Very Helpful Preprocessing Module for Those Interested in Assembling Genomes

Very Helpful Preprocessing Module for Those Interested in Assembling Genomes

Jared Simpson, the author of SGA paper, mailed the following note to SGA community. Exercise for readers - can you tell, which genome looks really odd here?

Hi all,

For the past few months I have been working on a new component of SGA to assist users with their assembly. This program, called ‘preqc’, attempts to measure the quality of the input data and how easy or difficult assembling it will be.

The output of the pipeline is a PDF containing plots. I’ve uploaded an example report here:

My hope is that this report will help you explore your data, select an assembly strategy (ie a program and its parameters) and troubleshoot when things go wrong. The report contains plots that attempt to capture the structure of the underlying genome (for example how repetitive it is) and also capture data quality (for example the sequencing error rate).

At the end of this email is a brief description of each plot. I hope to get the manuscript up on arXiv this week which contains much more information. Feel free to ask questions if anything is unclear.

Here are the instructions to run this on your data:

1) update to latest sga on github

2) preprocess the data:

sga preprocess –pe-mode 1 input_1.fastq input_2.fastq > my_genome.fastq

3) index the data

sga index -a ropebwt -t 8 –no-reverse my_genome.fastq

4) run preqc

sga preqc -t 8 my_genome.fastq > my_genome.preqc

5) make the report

/path/to/sga/src/bin/ my_genome.preqc /path/to/sga/src/examples/preqc/*.preqc

The preqc step only takes a few hours to run on very large genomes so it should not be a burden to generate this report at the start of a project.

The goal of this project is to make assembly an easier and more predictable process. I hope you all find this to be useful, even if you prefer to use a different assembler.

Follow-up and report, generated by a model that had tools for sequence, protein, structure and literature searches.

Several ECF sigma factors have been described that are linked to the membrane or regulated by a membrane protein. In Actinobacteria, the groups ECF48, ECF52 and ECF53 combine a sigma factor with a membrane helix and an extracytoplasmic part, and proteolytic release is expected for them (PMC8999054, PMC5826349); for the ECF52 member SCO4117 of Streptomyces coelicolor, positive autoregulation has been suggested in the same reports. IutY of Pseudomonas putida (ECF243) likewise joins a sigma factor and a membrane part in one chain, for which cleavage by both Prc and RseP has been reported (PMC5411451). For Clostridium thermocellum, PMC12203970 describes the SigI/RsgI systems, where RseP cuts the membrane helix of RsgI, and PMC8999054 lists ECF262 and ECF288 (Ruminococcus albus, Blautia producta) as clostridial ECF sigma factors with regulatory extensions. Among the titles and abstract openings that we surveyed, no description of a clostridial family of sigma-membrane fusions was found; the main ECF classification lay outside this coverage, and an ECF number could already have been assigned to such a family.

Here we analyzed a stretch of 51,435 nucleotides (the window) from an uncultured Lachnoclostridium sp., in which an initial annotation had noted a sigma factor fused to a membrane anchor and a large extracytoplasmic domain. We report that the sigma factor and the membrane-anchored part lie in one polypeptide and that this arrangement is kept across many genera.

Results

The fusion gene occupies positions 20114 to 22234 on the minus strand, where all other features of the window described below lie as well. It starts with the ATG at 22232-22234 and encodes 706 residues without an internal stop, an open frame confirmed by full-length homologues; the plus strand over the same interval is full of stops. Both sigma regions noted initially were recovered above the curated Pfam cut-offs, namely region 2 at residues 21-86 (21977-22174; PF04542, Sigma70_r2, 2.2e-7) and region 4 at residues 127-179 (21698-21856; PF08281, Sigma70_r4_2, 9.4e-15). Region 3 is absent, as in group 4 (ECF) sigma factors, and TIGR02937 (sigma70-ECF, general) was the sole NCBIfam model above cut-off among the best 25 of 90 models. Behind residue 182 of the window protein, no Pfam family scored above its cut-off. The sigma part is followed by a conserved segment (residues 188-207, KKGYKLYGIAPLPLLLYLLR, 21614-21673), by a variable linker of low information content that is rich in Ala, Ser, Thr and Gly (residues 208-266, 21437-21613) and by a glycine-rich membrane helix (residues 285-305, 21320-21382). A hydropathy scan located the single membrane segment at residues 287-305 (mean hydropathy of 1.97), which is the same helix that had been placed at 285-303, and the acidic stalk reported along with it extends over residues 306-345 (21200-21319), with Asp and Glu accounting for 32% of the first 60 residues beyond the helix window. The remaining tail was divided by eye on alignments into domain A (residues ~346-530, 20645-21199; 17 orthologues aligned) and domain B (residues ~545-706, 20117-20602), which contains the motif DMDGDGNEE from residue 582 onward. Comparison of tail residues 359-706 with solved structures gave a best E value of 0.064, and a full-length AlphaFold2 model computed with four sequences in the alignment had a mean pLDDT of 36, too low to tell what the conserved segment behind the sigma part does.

Please let me know if you have any comments or suggestions!



Description of plots in the report:

- Genome Size

This plot contains an estimate of the genome size based on k-mer count statistics

- Frequency of Variant Branches in the k-de Bruijn graph

This shows how often a de Bruijn graph branches due to sequence variation (ie a SNP or indel) as a function of k. Most assemblers contain ‘bubble popping’ algorithms to resolve sequence variants in the graph. These algorithms often work well but a high branch rate makes assembly more difficult. The oyster data branches very frequently due to variants making it difficult to assemble.

- Frequency of Repeat Branches in the k-de Bruijn graph

This measures how often a de Bruijn graph branches due to repeats in the genome. Repeat branches tend to be difficult to resolve. This is a key indicator of how difficult the assembly will be.

- Frequency of Error Branches in the k-de Bruijn graph

Like the above two plots, except it measures how often branches caused by sequencing errors are encountered. These branches tend to be easier to get handle during assembly.

- Mean quality score by position

- Fraction of bases at least Q30

These plots measure quality scores along the length of the read. The first plot calculates the mean quality score at each base. The second calculates the fraction of reads with quality >= Q30 at the base position.

- k-mer position of first error

This measures sequencing error rate by looking for rare k-mers in the reads. It is similar to how ‘sga correct’ finds and corrects errors. The plot shows how often putatively incorrect k-mers are found at each position in the reads.

- Per-position error rate

This directly measures the sequencing error rate along the read by counting mismatches in groups of overlapping reads.

- Duplicate proportion

This plot attempts to infer the proportion of read pairs that are PCR duplicates.

- Estimated fragment size histogram

This plot shows the distribution of paired-end fragment sizes.

- 51-mer count distribution

For an assembly to be successful, it is important to have high coverage data. This plot attempts to capture sequence coverage by plotting a histogram of 51-mer counts. Most data sets are bimodal with a sharp peak at low count for k-mers with sequencing errors and a wider distribution of true genomic k-mers. If these two distributions (true k-mers and k-mers with errors) are well- separated, it makes assembly easier. The Snake data is ideal in this regard. The yeast data is acceptable but would benefit from higher coverage.

- GC Bias plots

This series of plots (one per data set) shows k-mer counts as function of GC content in the read. Ideally, there would be no dependence between GC content and k-mer count. The yeast data shows some bias, while the fish data is less biased.

- Simulated contig lengths in k-de Bruijn graph

The last plot shows a simulated assembly of the data by finding contig paths in the graph. The simulator will extend contigs by ignoring sequencing errors and resolving sequence variants, only stopping when a repeat is found or there is no coverage. This plot can help predict if your data is easy to assemble or hard. For example the yeast data is easy to assemble (very good N50) but the oyster data, which has many sequence variant branches and many repeats, is very hard (low N50).

Written by M. //